This family of Elephant Seals
Northern Elephant Seals “haul out” each winter at Año Nuevo State Park near Santa Cruz, Calif. to have their pups. The moms give birth to tiny, squeaky things and nurse them on milk full of fat stored during months of hunting out at sea. When they finish nursing, the young weaners must fend for themselves. Large male Elephant Seals sound a bit like plunging a clogged toilet. Watching them battle is reminiscent of scenes in Jurassic Park, albeit floppier.
This plump California Quail
Baby quail look like peanutshells with feet. They scurry after their parents, struggling to keep up on little peanut-twig legs. Eventually, they grow up to look like this handsome guy - large and in charge of the oak tree or chapparal scrub they call home. A California Quail call sounds like chi-CA-go. Their stylish headgear is called a plume or topknot. This regal gentleman clearly knows quality.
This Harbor Seal pup
It’s normal for Harbor Seal “rookeries” (birthing areas) along the coast to be closed to the public from Feb-Apr. Moms and pups can rest and not be disturbed by people or their unleashed pets that confuse the seals for dog-mermaids. Pups like to lie low while mom hunts for food - they probably haven’t been abandoned. It’s illegal for random heroic citizens to pick them up, cute as they may be. If mom hasn’t come back for a while, call a local wildlife center.
Red-Tailed Hawks make that “screaming eagle” noise everyone recognizes but doesn’t realize is a Red-Tailed Hawk. These two were swooping and chasing each other in Feb. 2012 at Harkins Slough in Watsonville, Calif. The nearby wetlands are a well-known birding spot, full of ducks, teals, coots, green herons, and various raptors like these.
Honeybee populations are declining worldwide. A phenomenon known as “colony collapse disorder” causes bees to become disoriented, disabled, and eventually die by the tens-of-thousands. Considering that humanity needs bees to pollinate much of the food we grow, this is problematic.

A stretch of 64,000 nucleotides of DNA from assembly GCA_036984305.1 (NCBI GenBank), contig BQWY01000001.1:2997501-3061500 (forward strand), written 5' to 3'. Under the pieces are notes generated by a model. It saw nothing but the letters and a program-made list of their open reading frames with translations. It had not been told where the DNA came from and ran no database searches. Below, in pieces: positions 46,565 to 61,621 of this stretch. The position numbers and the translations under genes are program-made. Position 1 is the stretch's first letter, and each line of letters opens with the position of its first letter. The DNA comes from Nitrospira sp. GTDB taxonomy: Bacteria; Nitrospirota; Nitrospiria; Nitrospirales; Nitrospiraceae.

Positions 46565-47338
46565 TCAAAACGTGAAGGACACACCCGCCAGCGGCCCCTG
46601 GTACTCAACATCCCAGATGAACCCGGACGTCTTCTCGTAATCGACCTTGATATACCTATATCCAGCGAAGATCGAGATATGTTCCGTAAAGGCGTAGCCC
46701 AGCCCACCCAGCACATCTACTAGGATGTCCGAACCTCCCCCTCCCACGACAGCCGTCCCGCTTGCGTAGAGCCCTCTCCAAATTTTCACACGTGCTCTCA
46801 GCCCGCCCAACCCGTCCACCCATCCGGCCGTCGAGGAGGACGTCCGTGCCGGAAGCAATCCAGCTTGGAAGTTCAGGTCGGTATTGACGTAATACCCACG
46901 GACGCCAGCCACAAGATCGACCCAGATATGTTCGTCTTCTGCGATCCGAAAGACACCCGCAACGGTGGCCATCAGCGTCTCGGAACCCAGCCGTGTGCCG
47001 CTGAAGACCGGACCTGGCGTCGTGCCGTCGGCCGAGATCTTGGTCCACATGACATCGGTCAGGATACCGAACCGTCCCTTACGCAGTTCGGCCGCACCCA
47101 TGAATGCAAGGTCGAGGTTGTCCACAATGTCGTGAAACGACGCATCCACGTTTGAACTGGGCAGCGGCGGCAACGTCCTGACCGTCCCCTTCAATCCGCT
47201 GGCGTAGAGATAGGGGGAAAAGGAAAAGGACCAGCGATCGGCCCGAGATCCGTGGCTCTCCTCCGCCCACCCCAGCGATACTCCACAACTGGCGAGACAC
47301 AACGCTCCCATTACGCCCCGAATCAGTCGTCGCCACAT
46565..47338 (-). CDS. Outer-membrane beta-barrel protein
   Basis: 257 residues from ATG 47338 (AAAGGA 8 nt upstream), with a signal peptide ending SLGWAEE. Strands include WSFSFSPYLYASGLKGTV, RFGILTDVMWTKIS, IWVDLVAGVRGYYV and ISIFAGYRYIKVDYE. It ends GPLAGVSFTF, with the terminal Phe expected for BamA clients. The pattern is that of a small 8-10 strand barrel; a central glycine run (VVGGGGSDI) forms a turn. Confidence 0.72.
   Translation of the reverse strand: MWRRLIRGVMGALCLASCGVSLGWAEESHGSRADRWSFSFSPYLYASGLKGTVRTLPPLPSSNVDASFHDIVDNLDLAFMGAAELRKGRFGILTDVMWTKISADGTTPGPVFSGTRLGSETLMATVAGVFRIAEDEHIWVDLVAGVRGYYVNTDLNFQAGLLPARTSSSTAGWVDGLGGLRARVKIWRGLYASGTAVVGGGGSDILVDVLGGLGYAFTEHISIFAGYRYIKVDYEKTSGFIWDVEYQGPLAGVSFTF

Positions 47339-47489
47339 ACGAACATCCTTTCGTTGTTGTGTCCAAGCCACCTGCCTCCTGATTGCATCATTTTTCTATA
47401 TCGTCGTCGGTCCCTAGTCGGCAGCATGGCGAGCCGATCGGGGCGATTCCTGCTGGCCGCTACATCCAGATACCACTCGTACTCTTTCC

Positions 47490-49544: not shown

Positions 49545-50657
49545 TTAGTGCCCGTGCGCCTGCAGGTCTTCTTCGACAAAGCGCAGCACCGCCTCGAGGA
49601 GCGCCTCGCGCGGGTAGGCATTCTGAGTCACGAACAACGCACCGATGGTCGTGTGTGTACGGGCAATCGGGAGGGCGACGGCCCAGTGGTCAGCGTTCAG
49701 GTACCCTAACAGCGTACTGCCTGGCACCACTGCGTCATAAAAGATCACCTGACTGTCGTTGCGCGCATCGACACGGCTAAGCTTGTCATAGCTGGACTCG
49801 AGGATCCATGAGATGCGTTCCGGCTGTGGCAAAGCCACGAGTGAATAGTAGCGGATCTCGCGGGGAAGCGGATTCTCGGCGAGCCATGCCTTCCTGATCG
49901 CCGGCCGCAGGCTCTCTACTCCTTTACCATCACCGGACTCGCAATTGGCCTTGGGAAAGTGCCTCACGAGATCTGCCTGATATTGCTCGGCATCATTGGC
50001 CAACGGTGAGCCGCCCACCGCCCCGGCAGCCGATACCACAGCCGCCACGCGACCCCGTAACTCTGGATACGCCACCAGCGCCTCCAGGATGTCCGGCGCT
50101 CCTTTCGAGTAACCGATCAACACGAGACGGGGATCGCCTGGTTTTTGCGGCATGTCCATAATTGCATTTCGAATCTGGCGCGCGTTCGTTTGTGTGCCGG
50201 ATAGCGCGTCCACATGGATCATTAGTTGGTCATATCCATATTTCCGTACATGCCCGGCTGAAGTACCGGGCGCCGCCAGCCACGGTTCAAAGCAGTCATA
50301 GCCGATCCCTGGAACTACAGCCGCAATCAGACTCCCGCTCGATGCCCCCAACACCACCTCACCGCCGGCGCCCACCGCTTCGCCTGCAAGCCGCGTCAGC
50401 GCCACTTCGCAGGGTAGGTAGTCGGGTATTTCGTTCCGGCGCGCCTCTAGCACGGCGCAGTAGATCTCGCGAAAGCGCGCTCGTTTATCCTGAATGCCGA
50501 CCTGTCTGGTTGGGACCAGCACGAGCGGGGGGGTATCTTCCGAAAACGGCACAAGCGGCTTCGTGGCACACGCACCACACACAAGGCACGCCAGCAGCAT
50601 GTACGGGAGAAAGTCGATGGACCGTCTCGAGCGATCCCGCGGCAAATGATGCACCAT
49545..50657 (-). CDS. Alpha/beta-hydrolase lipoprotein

Governments, farmers, and researchers worldwide have cooperated on studies to isolate the causes and hopefully reverse the bees’ decline. Many think neonicotinoid pesticides are to blame, and some countries have banned them or restricted their use pending further study.
This Western Snowy Plover
Known for hunkering down in footprints and other precarious little divots in the sand, the Western Snowy Plover is a skittish little brown-and-white shorebird you barely notice until you’re right on top of them.
Listed as “threatened” (not endangered yet, but possibly soon), Snowies are one reason you might see beach dunes roped or fenced off in the summertime. The ropes help keep beach visitors and their pets from disturbing Plover nesting areas. Fencing, sometimes even above nests, helps protect plovers and other birds from natural predators.
The color bands help researchers identify and track specific birds. This one is big a University of Michigan fan, but asked me to clarify that he lives at Ft. Ord Dunes State Beach, so people there will know to watch their step.
Palo Corona Regional Park overlooks Carmel-By-The-Sea and Point Lobos State Park near Monterey, Calif. The park is on private property, only open by appointment or invitation such as with a scheduled tour run by County Parks. Similar public, private, and mixed land-use arrangements exist throughout Carmel Valley. Involving property owners and the public has helped to create recreation areas and a wildlife corridor through the Ventana Wilderness to Big Sur and beyond.
Striking the ideal balance between private property rights and conservation goals is a challenge with a contentious history in the Western U.S. Beach Cow tries to Steer clear of politics, preferring to chew quietly and enjoy the view. She seemed to think I might be able to help ranchers and surfer-hippies get along. She can’t, because she is a cow and cannot talk. She is a wise and lucky creature.
This ... uhhh ... jolly, jumping ... thing?
What is this little bouncy stingray thing? I took the photo at the Monterey Bay Aquarium in 2013, but no longer have the details. It seemed very excited to see people, and bobbed up and down waving its little footsies.
There are so many odd and interesting things in the natural world to share with others ... That’s why I chose to build this - it was fun! I enjoy the idea that things I create can inform, or inspire excitement and curiosity about nature and the environment. Thanks for reading!